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How to Manage a Company Blog

// November 4, 2010 // Social Media // 6 Comments

So your company started a blog because you have all sorts of insightful and interesting things to say. Awesome. Now how do you go about getting that content actually written so that the blog is worth everyone’s time? Here are 10 tips to help you manage a company blog that I have compiled from managing our marketing blog for the past year.

  1. Choose a blog manager (or managers)- Ideally this is someone who is passionate about blogging and who wants the venture to be successful. They’ll be in charge of holding the bloggers accountable, editing each post, and managing the flow and schedule of all blog posts.
  2. Have a strategy - Put in writing what topics the team should be blogging about, what the goals are with the blog, who your audience is now and who they should be. By establishing all these things in writing, it will help the blog manager direct bloggers towards smart topics and to provide feedback when a post may not be quite on par with the company’s goals.
  3. Get the employees blogging – Everyone is an expert at something at your company, although not everyone may have a writing background. Encourage the non-writers to contribute in ways they feel comfortable (possibly a Vlog?) and provide them with feedback often so they can improve. Most importantly, celebrate every blogger’s success as they each become more and more comfortable with the medium.
  4. Make a schedule - Make sure the topics flow strategically and then ask the team to choose days. Then, once someone has been assigned a day, hold them accountable. Really. No one has free time just waiting to use blogging, so running out of time just can’t be an excuse. For extra accountability, try writing out who is blogging each day on the company calendar for everyone to see.
  5. Be flexible - All in all, you want blogging to be a positive experience and if bloggers are finishing posts at 2 AM, they probably aren’t enjoying the process much. For those who do have to miss a deadline (which my wonderful team never does…), work with them on ways to ensure this doesn’t happen again. It is also helpful to schedule a few extra posts per month to keep in the queue for instances like these.
  6. Measure success - Use Google Analytics to measure the success of the blog overall and for each individual post. Share with the company when blog traffic goes up for a month and which posts received the highest traffic. This will give kudos to the individual bloggers, while providing the blog manager with insight on what content is resonating the most.
  7. Set goals – There are all sorts of goals you can set for measuring blog growth, but one of the ones I have found most effective in increasing overall traffic is setting per post goals. Try giving bloggers a goal of how much traffic each individual post should receive and challenge them to reach that number each month by sharing it with their networks or by making the post searchable.
  8. Promote sharing - Teach the team how to build their individual networks based on their areas of expertise and share with them best practices on promoting blog content. This will make for more targeted viewership and takes the pressure off the blog manager.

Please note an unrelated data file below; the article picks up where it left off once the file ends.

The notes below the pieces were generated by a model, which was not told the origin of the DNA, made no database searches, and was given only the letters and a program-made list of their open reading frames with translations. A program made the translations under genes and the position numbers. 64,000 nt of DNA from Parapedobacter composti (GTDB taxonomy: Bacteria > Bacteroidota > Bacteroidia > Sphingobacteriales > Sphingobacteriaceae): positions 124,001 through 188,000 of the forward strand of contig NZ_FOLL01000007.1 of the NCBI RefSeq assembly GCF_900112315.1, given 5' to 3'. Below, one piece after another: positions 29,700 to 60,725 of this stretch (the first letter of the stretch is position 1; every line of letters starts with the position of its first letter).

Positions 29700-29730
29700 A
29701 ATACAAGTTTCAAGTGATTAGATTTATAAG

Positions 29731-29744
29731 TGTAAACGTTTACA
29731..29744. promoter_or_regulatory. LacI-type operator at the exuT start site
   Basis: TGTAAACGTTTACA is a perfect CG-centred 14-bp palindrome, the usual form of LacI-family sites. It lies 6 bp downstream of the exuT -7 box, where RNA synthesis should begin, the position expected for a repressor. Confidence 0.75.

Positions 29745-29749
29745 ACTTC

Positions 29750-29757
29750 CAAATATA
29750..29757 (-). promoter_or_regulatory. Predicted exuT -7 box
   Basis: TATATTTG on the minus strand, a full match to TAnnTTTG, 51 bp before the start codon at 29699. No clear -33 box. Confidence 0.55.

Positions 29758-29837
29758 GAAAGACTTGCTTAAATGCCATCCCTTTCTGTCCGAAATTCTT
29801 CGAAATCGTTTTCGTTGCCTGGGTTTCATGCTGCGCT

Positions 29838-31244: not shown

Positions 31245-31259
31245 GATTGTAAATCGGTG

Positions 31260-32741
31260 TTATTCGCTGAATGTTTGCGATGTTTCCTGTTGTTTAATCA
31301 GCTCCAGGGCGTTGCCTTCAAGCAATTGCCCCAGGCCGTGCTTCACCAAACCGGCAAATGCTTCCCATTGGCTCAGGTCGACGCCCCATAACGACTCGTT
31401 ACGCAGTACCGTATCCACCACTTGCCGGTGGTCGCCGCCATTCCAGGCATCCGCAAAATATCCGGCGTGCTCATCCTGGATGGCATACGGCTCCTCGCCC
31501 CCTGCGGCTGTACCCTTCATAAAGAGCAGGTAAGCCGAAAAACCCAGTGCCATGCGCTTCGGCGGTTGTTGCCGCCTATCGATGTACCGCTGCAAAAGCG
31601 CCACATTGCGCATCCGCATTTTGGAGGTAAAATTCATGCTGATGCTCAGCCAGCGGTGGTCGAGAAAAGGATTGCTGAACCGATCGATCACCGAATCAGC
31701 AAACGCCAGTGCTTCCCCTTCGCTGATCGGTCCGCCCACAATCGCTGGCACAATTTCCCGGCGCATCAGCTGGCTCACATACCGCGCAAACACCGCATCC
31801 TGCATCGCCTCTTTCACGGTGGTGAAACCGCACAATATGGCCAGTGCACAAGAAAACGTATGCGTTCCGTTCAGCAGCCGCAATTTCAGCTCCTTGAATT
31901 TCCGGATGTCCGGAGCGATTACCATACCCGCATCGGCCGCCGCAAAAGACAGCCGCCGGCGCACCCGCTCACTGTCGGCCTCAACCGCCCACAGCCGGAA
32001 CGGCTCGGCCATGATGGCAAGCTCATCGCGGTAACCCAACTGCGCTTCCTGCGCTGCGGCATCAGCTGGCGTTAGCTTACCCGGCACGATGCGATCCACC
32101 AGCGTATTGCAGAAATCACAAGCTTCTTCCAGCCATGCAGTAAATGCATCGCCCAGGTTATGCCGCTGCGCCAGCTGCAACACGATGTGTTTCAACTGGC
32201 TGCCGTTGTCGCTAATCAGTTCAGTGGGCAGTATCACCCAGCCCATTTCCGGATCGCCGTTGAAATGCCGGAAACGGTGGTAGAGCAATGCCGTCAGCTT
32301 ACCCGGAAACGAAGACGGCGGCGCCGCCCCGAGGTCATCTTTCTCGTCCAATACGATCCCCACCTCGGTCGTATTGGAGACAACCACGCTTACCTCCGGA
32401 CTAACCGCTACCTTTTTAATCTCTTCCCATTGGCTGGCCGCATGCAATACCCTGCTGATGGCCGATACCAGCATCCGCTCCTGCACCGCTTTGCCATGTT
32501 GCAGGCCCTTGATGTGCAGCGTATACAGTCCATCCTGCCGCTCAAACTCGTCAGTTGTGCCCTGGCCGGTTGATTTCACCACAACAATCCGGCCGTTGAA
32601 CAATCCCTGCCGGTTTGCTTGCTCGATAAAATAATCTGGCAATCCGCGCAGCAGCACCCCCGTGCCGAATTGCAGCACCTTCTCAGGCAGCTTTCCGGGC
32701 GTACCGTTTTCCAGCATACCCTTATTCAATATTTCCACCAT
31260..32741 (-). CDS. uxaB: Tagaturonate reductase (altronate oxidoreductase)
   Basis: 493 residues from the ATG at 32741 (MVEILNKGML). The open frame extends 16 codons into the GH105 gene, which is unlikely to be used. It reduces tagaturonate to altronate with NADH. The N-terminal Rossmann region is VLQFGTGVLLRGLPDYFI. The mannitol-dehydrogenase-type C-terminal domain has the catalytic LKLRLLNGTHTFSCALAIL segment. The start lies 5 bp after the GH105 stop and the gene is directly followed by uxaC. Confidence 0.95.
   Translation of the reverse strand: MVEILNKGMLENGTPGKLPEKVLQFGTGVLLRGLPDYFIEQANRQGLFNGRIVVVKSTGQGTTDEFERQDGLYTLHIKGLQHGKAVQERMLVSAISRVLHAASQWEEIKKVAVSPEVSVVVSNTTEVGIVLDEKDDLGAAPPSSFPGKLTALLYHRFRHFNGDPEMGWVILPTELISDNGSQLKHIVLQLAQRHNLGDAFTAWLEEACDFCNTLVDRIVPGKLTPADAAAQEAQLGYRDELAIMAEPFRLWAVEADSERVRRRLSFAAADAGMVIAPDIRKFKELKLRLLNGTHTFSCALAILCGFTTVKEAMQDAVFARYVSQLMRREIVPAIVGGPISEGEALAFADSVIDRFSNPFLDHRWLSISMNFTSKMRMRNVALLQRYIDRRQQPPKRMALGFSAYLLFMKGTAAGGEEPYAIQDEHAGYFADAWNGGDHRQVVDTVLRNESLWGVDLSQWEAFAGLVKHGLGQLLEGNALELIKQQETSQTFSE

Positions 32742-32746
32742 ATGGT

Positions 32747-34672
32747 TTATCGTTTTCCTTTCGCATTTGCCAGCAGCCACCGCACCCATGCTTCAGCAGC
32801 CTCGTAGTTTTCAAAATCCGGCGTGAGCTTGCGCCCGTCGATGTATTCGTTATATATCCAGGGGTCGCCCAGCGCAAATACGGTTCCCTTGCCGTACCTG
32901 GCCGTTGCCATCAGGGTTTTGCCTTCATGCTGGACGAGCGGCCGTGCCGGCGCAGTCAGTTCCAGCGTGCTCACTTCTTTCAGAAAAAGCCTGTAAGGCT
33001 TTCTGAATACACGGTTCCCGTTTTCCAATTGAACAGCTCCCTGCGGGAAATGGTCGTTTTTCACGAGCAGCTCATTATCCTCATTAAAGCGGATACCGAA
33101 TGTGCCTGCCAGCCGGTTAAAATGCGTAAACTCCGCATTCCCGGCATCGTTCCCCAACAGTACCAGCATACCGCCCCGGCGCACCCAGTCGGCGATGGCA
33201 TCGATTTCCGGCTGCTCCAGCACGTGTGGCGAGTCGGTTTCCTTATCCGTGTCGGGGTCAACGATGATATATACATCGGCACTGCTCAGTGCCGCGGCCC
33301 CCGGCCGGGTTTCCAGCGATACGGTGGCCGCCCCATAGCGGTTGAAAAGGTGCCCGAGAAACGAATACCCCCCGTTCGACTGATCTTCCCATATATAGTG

9. Educate often – Take advantage of staff meetings and share with the whole team best practices for SEO, blogging, writing, etc. While not every person in the company has to be an expert in these areas, you will be surprised at the people who do grasp the concepts and rise to the top as star bloggers.
  10. Find guest bloggers (and encourage guest blogging) – This will bring fresh content and a new audience to your blog. Consider asking other industry leaders, clients, vendors, or consultants to contribute and give them few brief guidelines so they know what direction to go in. If you aren’t already convinced of the value of this, Jay Baer talks about all the benefits of guest blogging in his post “Are you growing enough voices?

These are just my top ten. Any other tips you’ve found particularly helpful when managing a company blog?

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    1. Awesome post about team blogging. I have created numerous blogs for school groups or teams, but not reached traction on most of them (fail till you succeed I guess). If I had read this back then, I think using these strategies, especially having a blog manager, would have made them much more effective.

      Repositories of information like blogs, can be powerful tools for organizations that learn to use them effectively, but I think it takes making them a part of the culture, or adapting the company culture to accept them, in order to become truly effective.

      • Thanks so much Christopher! I agree, making a company blog successful means having buy-in from the entire team. So often a blog seems like a good idea, but then it’s built and companies struggle to figure out how to actually get content. Those who can’t figure out how to manage it, usually abandon it. And that just makes me sad!

        Thanks for reading and for your comment,

    2. I’ve never had to manage a group of bloggers, but I think these are awesome tips – especially the one about vlogging. :) Thanks for the link!

      P.S. Is it ok to read this blog since we drink Kool-aid regularly?

    3. I enjoyed reading through your posting. I need to say that it was the 1st article on your blog I genuinely enjoyed and in which I had a feeling of agreement, know what I mean? Must be keep the posting and I will be back once again.

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